“A multitude of people and yet solitude.”
― Charles Dickens, A Tale of Two Cities
Posts Tagged ‘Classic’
Tags: A Tale of Two Cities, book quotes, Books, Charles Dickens, Classic, Dickens, Literature, quotes
“A multitude of people and yet solitude.”
Tags: Book, book quotes, Books, Classic, classic literature, Literature, Reading, Tess, Tess of the D'Urbervilles, Thomas Hardy
“Tis because we be on a blighted star, and not a sound one, isn’t it Tess?”
- Abraham, Tess of the D’Urbervilles by Thomas Hardy
Tags: Amazon Kindle, Book, Book Review, Book Reviews, Books, Classic, classic literature, Literature, Reading, Tess, Tess of the D'Urbervilles, Thomas Hardy, Urberville
I have just read “Tess of the d’Urbervilles” by Thomas Hardy. I have never read it before now, and not even studied it at school like some people have, so i thought it was time to give it a go!
I felt sad for Tess because, as the oldest daughter, she was inevitably going to be forced to make a good marriage to help support her big family. The issue of finding out that she was probably a descendant of the once rich and noble d’Urbervilles turns out to be a blessing and a curse. This poor girl is forced to beg for help from her distant relations with the d’Urberville and starts working for an old blind woman and her son. The son is a little creepy and doesn’t leave Tess alone, and this inevitably leads to him raping her. She returns to her family and home after this, but her life has changed so hugely that it will never be the same again.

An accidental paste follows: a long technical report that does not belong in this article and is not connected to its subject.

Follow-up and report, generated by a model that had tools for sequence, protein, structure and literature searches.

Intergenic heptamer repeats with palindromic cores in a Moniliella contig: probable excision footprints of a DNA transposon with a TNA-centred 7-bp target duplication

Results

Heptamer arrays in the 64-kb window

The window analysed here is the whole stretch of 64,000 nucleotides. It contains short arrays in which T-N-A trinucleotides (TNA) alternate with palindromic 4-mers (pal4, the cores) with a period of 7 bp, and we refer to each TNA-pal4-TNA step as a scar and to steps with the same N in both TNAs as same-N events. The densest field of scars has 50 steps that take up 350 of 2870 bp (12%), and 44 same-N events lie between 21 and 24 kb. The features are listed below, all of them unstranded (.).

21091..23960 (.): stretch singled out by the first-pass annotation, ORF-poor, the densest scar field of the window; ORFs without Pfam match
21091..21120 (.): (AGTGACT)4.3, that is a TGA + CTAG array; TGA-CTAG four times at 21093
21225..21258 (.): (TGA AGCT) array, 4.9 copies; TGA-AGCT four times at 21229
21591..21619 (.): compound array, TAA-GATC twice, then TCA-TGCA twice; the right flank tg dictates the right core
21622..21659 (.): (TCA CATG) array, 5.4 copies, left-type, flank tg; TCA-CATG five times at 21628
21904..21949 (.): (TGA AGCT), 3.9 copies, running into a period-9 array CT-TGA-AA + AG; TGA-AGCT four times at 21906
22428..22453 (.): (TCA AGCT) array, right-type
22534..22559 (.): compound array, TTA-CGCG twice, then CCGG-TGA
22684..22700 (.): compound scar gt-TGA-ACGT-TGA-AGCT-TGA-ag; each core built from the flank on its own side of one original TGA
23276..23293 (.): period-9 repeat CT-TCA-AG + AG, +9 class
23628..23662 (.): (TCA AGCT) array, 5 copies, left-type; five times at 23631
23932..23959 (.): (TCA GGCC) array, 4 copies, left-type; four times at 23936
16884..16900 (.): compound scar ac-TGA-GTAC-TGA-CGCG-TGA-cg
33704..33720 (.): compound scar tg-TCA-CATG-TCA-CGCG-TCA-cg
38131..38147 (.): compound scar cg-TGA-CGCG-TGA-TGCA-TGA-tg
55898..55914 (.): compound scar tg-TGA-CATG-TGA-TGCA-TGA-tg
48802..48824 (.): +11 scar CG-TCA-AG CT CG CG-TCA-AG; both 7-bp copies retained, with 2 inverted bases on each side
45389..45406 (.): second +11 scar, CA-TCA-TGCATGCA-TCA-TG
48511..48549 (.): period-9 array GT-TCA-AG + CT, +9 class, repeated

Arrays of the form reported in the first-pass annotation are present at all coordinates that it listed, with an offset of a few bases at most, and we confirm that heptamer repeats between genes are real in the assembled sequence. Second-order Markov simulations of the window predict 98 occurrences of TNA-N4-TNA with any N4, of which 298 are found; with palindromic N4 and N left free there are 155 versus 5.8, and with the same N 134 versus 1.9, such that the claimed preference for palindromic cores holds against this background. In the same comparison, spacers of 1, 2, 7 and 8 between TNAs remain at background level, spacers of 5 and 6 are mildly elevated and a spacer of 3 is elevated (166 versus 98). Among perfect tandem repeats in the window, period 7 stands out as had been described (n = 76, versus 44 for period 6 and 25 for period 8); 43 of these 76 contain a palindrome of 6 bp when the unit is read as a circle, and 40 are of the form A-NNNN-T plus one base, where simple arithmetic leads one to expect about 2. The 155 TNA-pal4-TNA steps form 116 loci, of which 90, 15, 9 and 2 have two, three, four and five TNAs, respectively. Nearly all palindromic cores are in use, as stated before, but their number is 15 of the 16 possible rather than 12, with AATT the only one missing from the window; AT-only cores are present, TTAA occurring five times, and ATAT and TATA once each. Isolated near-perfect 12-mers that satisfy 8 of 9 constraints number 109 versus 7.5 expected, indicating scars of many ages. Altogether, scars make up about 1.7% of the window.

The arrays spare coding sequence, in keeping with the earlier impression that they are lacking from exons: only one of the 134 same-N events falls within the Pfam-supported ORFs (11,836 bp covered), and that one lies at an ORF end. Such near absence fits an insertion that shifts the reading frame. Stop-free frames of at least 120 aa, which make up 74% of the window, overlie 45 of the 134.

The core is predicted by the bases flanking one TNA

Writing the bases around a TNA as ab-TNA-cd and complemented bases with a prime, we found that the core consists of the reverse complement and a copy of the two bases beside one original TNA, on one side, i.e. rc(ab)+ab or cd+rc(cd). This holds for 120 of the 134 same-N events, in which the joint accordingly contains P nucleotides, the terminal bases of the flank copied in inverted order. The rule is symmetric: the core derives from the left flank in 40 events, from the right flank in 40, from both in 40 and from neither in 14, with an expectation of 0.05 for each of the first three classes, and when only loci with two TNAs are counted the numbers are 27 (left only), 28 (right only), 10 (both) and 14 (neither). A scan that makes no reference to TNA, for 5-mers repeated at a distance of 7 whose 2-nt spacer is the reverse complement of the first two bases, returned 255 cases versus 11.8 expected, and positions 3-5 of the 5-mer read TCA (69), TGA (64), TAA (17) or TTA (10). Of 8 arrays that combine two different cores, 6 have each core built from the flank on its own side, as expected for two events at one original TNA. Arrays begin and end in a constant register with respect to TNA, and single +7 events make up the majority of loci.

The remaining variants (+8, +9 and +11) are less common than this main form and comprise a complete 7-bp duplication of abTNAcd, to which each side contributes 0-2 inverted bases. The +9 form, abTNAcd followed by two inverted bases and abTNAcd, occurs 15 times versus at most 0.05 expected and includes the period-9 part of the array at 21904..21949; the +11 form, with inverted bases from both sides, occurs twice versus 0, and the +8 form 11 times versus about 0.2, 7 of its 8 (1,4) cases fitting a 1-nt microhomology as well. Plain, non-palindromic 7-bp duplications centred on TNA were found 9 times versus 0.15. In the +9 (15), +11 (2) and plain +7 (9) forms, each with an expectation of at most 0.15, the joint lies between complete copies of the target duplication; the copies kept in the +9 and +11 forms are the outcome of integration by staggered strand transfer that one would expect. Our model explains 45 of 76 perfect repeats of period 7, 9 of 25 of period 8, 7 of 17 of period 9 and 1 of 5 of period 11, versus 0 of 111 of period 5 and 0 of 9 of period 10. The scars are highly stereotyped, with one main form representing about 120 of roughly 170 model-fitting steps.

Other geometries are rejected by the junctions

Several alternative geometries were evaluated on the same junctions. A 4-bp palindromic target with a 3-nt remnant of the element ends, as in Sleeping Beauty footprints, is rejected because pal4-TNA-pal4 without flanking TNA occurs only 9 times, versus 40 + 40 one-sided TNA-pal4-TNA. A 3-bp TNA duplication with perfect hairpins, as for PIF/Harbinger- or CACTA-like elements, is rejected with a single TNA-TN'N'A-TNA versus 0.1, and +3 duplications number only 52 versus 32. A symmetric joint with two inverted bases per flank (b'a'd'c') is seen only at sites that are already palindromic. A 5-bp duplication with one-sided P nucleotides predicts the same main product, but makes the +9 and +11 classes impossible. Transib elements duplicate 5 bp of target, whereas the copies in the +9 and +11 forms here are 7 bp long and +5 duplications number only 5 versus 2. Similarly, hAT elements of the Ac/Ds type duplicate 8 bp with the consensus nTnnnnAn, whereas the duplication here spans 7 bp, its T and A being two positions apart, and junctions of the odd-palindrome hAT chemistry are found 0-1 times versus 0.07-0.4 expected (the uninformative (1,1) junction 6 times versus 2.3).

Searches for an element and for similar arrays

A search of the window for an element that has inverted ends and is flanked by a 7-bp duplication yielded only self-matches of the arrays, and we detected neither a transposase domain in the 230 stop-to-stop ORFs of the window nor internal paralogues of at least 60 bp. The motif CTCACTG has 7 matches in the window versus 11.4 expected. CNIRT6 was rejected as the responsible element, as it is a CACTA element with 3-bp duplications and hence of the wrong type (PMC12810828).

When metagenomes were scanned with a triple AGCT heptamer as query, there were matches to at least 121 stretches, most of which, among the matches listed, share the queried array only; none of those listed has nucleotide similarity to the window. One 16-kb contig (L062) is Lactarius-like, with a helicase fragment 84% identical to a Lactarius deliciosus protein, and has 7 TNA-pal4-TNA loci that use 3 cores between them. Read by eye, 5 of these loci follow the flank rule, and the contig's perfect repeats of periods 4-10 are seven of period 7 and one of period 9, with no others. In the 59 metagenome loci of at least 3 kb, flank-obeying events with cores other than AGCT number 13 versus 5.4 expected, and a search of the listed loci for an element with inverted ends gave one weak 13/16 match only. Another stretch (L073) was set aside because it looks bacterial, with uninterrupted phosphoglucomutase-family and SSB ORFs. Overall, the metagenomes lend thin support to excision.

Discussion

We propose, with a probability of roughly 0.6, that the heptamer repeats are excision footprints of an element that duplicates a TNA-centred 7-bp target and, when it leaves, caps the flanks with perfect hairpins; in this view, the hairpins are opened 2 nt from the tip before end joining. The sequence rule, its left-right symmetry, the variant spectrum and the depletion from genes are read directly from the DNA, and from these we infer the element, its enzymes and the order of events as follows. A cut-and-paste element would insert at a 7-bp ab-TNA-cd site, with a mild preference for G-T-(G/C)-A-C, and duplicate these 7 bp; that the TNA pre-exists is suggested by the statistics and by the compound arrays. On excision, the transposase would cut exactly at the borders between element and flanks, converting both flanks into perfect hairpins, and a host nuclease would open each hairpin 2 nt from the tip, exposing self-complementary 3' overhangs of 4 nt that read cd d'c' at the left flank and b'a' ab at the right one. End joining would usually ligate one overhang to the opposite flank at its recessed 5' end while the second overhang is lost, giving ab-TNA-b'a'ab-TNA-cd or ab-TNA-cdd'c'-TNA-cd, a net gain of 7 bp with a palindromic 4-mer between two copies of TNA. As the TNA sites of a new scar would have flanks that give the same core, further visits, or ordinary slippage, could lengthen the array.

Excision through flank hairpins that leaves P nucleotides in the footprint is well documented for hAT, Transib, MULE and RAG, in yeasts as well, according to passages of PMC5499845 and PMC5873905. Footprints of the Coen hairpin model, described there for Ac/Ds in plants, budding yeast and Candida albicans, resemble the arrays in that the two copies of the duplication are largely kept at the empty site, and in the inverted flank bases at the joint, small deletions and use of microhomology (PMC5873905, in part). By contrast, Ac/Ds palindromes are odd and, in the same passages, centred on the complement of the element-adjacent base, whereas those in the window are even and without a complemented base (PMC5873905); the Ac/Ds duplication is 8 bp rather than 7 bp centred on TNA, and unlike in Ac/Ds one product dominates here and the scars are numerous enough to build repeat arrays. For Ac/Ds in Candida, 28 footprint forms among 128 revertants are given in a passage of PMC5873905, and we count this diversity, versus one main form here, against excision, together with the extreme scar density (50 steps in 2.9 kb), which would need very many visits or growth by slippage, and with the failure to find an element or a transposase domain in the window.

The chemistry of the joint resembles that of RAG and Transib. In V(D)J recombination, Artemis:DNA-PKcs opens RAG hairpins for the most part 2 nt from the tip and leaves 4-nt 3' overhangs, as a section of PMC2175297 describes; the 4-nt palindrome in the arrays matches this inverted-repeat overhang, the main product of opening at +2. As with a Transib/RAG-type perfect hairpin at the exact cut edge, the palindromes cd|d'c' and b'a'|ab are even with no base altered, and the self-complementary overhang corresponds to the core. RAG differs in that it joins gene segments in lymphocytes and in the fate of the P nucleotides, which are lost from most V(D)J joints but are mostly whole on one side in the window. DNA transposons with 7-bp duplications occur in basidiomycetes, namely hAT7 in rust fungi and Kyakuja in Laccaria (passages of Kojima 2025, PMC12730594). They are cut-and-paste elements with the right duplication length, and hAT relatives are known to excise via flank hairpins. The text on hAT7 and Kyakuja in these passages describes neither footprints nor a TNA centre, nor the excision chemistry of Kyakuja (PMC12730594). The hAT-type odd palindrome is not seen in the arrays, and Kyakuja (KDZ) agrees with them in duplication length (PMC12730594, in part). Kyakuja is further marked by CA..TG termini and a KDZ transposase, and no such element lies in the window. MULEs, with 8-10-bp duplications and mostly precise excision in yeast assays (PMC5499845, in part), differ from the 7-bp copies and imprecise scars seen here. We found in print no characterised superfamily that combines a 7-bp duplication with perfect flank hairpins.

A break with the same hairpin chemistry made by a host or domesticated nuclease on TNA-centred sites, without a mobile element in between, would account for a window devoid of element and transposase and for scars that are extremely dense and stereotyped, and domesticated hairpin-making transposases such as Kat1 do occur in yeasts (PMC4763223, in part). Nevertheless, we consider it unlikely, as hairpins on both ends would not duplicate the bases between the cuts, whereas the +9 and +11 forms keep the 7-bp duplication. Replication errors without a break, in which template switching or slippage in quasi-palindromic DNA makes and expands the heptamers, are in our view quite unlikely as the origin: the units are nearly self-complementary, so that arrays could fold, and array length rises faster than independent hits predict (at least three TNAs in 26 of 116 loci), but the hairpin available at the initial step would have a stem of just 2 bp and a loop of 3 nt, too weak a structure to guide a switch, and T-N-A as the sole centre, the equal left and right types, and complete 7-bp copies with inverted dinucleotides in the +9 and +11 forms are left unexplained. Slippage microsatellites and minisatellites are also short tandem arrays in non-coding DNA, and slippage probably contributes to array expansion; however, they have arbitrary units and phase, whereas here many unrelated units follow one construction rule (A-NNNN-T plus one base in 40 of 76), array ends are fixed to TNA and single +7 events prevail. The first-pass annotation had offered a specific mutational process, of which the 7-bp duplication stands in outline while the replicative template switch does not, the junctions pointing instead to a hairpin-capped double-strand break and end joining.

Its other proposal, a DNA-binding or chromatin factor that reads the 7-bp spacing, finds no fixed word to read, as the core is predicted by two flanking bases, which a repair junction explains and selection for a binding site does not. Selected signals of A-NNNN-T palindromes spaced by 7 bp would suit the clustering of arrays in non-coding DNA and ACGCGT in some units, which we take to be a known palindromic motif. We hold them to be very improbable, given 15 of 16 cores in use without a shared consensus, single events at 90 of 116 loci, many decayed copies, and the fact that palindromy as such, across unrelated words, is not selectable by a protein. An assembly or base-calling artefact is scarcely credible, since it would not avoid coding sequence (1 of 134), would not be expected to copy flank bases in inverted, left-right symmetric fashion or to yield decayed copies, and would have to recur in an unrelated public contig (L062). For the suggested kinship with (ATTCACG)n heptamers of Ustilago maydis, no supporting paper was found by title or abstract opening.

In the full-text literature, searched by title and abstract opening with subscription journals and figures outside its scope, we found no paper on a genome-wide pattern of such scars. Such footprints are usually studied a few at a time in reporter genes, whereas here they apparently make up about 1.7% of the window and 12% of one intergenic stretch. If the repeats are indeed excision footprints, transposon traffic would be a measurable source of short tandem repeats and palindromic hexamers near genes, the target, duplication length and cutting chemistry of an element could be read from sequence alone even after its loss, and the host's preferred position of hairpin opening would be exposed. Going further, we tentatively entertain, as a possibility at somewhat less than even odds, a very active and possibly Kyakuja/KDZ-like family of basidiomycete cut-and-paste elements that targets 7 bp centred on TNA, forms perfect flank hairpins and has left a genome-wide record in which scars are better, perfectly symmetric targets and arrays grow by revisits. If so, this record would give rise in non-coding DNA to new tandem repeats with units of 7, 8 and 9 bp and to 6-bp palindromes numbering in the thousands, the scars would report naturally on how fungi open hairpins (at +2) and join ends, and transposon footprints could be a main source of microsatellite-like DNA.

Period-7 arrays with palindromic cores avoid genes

She suffers many hardships, but becomes very independent, earning her way by any means necessary in the countryside where she is comfortable. She makes friends and enemies but manages to keep herself going. She gains much attention from men, despite her efforts to keep a distance. She meets one charming young man who wants her for his wife but she refuses again and again, knowing that her secret will destroy her and those near her.
The ending of the book was a bit disappointing, after all the events which happen through it, and i was annoyed that it finished so abruptly.
Tess goes from being a figure of beauty and innocence, to a figure of pity and hardship, to a figure of pathetic, self-pitying, glutton for punishment, and finally to a figure of revenge and (short-lived) happiness.
I give this book 7/10 for being a classic tale, with a fascinating protagonist who covers so much ground, and deals with many issues. Worth reading at least once!
Note: I read this on my Kindle (as it is a free ebook).
Tags: Book, book quotes, Books, Classic, Emma, Emma Woodhouse, Jane Austen, Literature, quotes, Reading
“Seldom, very seldom, does complete truth belong to any human disclosure; seldom can it happen that something is not a little disguised or a little mistaken.”
― Jane Austen, Emma
Tags: Book Review, Books, Classic, Literature, Little Women, Louisa May Alcott, Reading, United States
I’ve just finished reading “Little Women” by Lousia May Alcott!
I was actually surprised that i liked it, i thought it would be another awful story about girls trying to find a husband or something, but it’s actually rather good! I was a little surprised (and a bit naïve!) because i thought it was set in England. How wrong i was! The language and descriptions felt more English than American i thought, but never mind!
Anyway, although at first i didn’t like some of the characters very much – i thought Amy was a spoilt, selfish brat! – they started to grow on me and i genuinely cared what happened to them.
I have to admit a few of the events which happened in the book were already ruined for me because i previously watched the Friends episode where Joey and Rachel discuss “Little Women” and they gave away spoilers! (For reference, it was “The One where Monica and Richard are Just Friends”) So i was obviously wanting to know how these things come about and they happen in a way which makes me feel that i didn’t really lose anything from already knowing what was coming! However, watching that did make me want to read the book anyway!